Although this study used multiple methods to address the issues of safety-net facility use in Massachusetts, some limitations are noteworthy. The administrative data from CHCs and hospitals are aggregate and do not permit us to link the individual characteristics of patients to use or to track them over time. No equally comprehensive administrative sources of data are available that pertain to other sources of ambulatory care in Massachusetts; therefore, comparisons with non–safety-net ambulatory care are limited. Survey data are limited by the understanding of respondents as well as by sampling and response limitations. Data from the case study interviews may not be generalizable and are subject to the beliefs or knowledge of those interviewed.
Factors other than implementation of Massachusetts' health care reform law in 2006 also have affected subsequent events and policies. Most significantly, soon after health care reform was implemented, Massachusetts, like the rest of the nation, entered into a recession, which increased unemployment and poverty and led to lower state and local revenue and, in turn, to state and local budget cuts. It is noteworthy that, despite the economic downturn, Massachusetts was able to sustain its high level of health insurance coverage and access to health care, largely because of its health care reform initiative.2 The state has struggled to identify ways to contain health care costs.12
Health care reform and improved health insurance coverage helped safety-net facilities by reducing uncompensated care costs and raising insurance revenue. However, the facilities also become more reliant on Medicaid and Commonwealth Care revenue. The CHCs' Medicaid payment rates are largely protected under federal law, which requires cost-based reimbursement. States have considerably more leeway in establishing Medicaid hospital payment rates. Two lawsuits were filed against Massachusetts, one by BMC and the other by 6 community hospitals, citing financial problems resulting from low Medicaid payments caused by the state's fiscal problems; both suits were eventually dismissed.13,14 Because of the weak economy, many states have been trimming or freezing Medicaid provider payment rates.15 Even if the number of uninsured patients continues to decrease during the implementation of national health care reform, hospitals might experience financial difficulties if Medicaid payment rates fall short of treatment costs.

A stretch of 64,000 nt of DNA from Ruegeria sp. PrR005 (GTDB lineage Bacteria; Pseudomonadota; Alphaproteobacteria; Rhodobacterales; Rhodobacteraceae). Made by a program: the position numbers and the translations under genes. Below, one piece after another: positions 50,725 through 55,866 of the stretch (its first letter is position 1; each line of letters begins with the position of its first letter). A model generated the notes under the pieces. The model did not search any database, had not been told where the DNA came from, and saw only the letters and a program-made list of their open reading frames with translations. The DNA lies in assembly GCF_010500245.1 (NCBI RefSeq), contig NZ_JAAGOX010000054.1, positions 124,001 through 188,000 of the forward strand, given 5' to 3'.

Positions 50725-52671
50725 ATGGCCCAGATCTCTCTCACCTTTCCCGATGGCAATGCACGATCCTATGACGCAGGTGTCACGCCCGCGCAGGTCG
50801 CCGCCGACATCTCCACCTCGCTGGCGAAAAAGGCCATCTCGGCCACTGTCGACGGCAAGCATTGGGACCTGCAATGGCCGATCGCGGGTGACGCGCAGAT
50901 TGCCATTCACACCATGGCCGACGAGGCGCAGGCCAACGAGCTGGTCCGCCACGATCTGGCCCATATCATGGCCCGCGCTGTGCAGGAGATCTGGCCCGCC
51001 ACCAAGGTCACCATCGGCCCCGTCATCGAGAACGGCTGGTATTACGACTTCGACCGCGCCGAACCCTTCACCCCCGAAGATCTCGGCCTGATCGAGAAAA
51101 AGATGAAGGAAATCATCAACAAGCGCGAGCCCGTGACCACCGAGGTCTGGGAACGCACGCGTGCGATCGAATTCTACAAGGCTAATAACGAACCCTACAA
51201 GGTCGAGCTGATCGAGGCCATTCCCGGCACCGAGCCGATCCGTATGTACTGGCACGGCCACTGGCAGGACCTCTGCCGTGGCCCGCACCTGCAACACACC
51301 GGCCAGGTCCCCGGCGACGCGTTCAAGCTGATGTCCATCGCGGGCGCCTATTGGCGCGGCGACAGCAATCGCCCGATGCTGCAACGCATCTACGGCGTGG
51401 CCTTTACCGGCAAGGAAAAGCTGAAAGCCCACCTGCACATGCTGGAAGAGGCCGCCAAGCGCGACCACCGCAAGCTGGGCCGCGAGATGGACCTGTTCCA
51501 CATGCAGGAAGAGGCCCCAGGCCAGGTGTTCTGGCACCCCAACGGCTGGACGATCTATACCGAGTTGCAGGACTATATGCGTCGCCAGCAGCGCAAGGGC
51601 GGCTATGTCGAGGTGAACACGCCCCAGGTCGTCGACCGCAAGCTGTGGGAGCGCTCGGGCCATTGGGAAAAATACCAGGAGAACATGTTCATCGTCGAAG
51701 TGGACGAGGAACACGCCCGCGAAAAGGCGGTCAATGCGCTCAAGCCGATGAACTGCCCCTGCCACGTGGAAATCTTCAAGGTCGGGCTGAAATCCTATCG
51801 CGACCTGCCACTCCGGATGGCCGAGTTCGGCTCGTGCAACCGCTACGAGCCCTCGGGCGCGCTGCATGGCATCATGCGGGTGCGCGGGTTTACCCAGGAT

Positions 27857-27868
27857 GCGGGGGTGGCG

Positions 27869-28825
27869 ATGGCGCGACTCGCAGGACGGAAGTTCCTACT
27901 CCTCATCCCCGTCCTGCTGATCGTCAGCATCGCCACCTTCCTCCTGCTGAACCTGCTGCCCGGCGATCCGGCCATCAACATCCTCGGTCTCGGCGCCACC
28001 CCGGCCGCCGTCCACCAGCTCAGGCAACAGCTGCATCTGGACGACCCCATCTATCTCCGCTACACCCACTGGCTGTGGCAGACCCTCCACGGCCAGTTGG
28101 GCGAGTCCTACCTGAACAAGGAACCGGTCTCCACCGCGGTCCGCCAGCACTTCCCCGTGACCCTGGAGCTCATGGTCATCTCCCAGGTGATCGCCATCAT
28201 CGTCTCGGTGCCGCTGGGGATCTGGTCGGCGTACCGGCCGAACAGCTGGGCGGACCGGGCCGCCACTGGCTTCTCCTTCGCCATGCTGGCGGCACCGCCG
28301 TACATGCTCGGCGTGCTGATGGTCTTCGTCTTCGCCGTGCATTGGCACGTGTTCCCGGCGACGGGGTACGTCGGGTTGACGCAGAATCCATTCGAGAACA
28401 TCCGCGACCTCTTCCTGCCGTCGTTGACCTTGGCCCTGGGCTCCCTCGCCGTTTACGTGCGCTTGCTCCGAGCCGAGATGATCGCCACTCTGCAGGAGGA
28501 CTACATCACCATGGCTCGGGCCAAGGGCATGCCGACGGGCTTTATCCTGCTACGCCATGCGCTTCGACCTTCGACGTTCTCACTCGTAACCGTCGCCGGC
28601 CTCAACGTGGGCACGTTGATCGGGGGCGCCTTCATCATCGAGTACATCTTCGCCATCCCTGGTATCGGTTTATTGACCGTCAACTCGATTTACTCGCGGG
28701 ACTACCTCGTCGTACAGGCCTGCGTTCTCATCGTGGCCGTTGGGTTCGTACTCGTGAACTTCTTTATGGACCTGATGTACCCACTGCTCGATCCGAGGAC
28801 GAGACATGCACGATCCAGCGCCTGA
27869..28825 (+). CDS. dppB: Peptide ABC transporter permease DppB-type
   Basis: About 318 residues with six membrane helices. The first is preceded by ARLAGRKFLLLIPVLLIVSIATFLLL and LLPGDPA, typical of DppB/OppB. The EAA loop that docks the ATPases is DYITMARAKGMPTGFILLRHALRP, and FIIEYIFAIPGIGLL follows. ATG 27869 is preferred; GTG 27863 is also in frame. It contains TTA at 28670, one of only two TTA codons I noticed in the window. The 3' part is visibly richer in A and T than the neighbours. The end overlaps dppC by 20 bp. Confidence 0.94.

Massachusetts has a Health Safety Net program that subsidizes uncompensated care costs for low-income uninsured and underinsured individuals receiving care at CHCs or hospitals. As expected when Chapter 58 was enacted, the cost and volume of uncompensated care dropped, falling approximately one-third by 2009.16 Although these savings helped Massachusetts to finance health insurance expansions, safety-net facilities lost some revenue from this program, which offset some of their revenue gains. In this regard, the Massachusetts experience may differ from that of other states. Most states do not have uncompensated care programs (or at least none as extensive as that of Massachusetts), so the reduction in uncompensated care costs and the increase in health insurance revenue ought not to be offset by a loss of this state revenue.
Revenue from public programs, especially Medicaid, remains a dominant source of income for safety-net facilities, which have less ability than other facilities to shift costs to private insurance. Although the public programs may serve fewer uninsured patients after health care reform, they are likely to serve a disproportionate share of the remaining uninsured individuals and even more of those who receive Medicaid. Thus, the traditional rationale for offering additional subsidies to safety-net facilities remains appropriate. In Medicaid, these special subsidies include Federally Qualified Health Center and Disproportionate Share Hospital payments and other supplemental payments to safety-net hospitals. Per the federal Affordable Care Act, Disproportionate Share Hospital payments will be ratcheted down beginning in 2014, although Federally Qualified Health Center payment rates will continue to be available in Medicaid and will be extended to plans operated as part of the health insurance exchanges.